Now, firmly embedded in discussing the past, the speaker seems to address his father’s occupation with a bit more consideration; he seeks resolution as to the worth of his father and grandfather’s lines of work in order to put his mind at ease. The speaker touches upon the basic imagery associated with digging: “The coarse boot nestled on the lug, the shaft / Against the inside knee was levered firmly / He rooted out tall tops, buried the bright edge deep”. The speaker seems to be struggling back and forth between viewing his father’s work with an air of condescension or respect. As the speaker progresses it becomes increasingly clear that “The details the speaker remembers are as precise as the digger’s work: ‘nestled on the lug,’ ‘against the inside knee,’ ‘levered firmly,’ the ‘bright, deep edge [edge deep],’ Through these we understand that the poet respects his father’s craft”. In the coming lines, the speaker openly declares his admiration of his father’s skill: “By God, the old man could handle a spade / Just like his old man”. The speaker further compliments his father’s dexterity and mentions his grandfather as well. From that alone, the speaker is able to develop the fact that digging is not just an occupation in his family, it’s a tradition. As the speaker transitions from his father to his grandfather, he maintains the same air of respect. He recalls visiting his grandfather in the fields: “My grandfather cut more turf in a day / Than any other man on Toner’s bog”. The speaker seems to possess great admiration for the skill of all those who came before him. Whereas the speaker’s father dug for food, his grandfather dug for fuel.

After looking back on the great deeds of those who made up his paternal lineage, the speaker reviews his prior assessments and draws conclusions about his own future. The speaker then proceeds to make a bold declaration: “Through living roots awaken in my head / But I’ve no spade to follow men like them”. The speaker openly acknowledges the deep-rooted connection he feels to the past and the traditions set forth by his family. However, he also comes to terms with the fact that he will never be able to follow directly in his family members’ footsteps. The speaker uses repetition to craft a powerful conclusion: “Between my finger and my thumb / The squat pen rests / I’ll dig with it”. Although the speaker will never dig with a spade, he comes to understand that he can dig in his own way. By holding onto has past and accepting his present, the speaker gives himself a sense of finality as it relates to his station in life.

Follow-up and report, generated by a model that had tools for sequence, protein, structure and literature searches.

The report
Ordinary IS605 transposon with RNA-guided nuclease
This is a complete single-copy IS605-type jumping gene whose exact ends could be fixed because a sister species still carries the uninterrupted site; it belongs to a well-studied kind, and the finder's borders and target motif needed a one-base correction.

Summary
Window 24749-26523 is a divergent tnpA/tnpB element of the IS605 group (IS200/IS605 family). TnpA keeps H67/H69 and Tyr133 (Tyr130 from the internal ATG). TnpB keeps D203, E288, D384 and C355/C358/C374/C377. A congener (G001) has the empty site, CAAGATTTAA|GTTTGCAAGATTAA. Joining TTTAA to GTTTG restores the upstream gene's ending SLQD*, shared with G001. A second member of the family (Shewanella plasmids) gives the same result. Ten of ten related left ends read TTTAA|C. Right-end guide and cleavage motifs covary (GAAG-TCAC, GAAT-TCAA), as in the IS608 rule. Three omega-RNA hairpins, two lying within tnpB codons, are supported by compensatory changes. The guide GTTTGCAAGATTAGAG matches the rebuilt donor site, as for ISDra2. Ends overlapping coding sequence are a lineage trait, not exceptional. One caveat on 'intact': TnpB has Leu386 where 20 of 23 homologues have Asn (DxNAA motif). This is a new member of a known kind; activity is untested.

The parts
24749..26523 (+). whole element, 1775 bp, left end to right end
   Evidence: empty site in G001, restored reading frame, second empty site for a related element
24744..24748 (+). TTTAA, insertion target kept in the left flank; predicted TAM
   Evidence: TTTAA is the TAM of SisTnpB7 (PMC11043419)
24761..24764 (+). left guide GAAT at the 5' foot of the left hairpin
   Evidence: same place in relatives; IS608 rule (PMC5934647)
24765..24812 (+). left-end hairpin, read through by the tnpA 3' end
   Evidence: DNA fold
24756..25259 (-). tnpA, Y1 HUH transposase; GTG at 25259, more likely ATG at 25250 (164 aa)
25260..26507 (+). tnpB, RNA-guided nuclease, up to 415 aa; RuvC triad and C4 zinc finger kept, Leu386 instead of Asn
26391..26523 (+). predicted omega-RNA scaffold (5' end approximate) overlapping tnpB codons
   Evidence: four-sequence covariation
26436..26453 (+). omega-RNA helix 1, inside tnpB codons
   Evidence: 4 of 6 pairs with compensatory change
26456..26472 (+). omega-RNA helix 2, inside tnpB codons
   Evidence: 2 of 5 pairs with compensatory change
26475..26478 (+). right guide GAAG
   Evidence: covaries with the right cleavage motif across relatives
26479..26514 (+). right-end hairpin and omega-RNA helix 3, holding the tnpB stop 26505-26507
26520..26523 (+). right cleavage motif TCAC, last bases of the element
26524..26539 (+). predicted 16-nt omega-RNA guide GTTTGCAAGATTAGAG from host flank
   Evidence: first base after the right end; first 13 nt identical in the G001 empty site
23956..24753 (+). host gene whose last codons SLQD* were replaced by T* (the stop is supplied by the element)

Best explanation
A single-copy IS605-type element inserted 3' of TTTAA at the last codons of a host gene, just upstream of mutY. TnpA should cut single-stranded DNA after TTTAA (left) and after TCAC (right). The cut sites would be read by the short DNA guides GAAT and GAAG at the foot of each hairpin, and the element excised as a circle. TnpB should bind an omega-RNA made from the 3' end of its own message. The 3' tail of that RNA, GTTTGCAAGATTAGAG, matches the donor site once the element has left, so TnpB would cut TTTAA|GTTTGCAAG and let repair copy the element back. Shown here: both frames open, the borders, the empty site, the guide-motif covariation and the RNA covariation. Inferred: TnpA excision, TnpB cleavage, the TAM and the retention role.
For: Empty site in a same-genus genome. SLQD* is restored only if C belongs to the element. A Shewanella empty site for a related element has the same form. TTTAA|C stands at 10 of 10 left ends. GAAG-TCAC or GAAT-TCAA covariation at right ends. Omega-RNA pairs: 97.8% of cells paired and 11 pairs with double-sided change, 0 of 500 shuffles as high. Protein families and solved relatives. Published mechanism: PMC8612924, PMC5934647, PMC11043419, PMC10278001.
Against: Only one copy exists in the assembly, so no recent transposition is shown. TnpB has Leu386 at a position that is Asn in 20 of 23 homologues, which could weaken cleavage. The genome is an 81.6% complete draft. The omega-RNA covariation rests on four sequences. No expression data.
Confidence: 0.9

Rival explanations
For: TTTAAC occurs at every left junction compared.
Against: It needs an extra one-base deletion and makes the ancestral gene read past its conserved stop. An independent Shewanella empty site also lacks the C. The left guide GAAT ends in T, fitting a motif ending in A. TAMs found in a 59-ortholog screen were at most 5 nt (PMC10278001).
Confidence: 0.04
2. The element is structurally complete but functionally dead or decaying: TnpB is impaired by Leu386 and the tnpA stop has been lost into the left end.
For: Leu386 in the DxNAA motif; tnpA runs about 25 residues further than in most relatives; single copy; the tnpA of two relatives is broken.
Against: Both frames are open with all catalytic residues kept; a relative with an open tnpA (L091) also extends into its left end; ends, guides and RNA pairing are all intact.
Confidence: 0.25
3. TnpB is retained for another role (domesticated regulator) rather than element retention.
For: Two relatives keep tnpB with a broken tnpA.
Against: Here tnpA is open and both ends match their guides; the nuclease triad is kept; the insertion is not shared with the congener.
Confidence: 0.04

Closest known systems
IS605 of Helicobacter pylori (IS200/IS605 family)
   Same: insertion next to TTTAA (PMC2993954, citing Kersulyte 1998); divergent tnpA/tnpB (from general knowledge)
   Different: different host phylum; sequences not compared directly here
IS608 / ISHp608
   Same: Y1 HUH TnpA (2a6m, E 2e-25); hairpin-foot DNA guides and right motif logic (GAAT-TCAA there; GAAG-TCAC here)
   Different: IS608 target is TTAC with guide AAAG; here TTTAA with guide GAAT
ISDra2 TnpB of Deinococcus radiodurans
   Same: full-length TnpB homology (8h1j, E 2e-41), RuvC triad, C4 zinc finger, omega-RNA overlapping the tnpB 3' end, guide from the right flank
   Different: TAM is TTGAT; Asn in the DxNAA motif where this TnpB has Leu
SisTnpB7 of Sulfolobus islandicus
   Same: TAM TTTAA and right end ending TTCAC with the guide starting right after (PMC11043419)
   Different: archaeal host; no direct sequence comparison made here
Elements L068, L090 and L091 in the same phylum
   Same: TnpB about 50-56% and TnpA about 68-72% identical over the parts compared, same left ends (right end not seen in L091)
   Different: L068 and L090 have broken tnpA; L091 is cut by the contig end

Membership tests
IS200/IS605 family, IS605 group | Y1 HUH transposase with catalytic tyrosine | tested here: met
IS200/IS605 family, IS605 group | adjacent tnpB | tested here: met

Seamus Heaney’s “Digging” dramatizes the conflict between the need to cling to the traditions of the past and urge to embrace the callings of the future. The speaker begins by falling into a deep state of thought and discussing events that display his worldview. He goes on to attempt to determine the value of his father and grandfather’s lines of work to put his turbulent mind at ease. After looking back upon the deeds of his family members, he reviews his prior assertions and draws conclusions about his own future. In the end, the connection between the past and present was strengthened by variation rather than weakened.


  1. Heaney, Seamus. “Digging.” Reading on the River, edited by Chattanooga State, Fountainhead Press, 2017, 228-229.
  2. 'Overview: 'Digging'.' Poetry for Students, edited by Mary Ruby, vol. 5, Gale, 1999. Literature Resource Center, Accessed 25 Feb. 2019.        
24 May 2022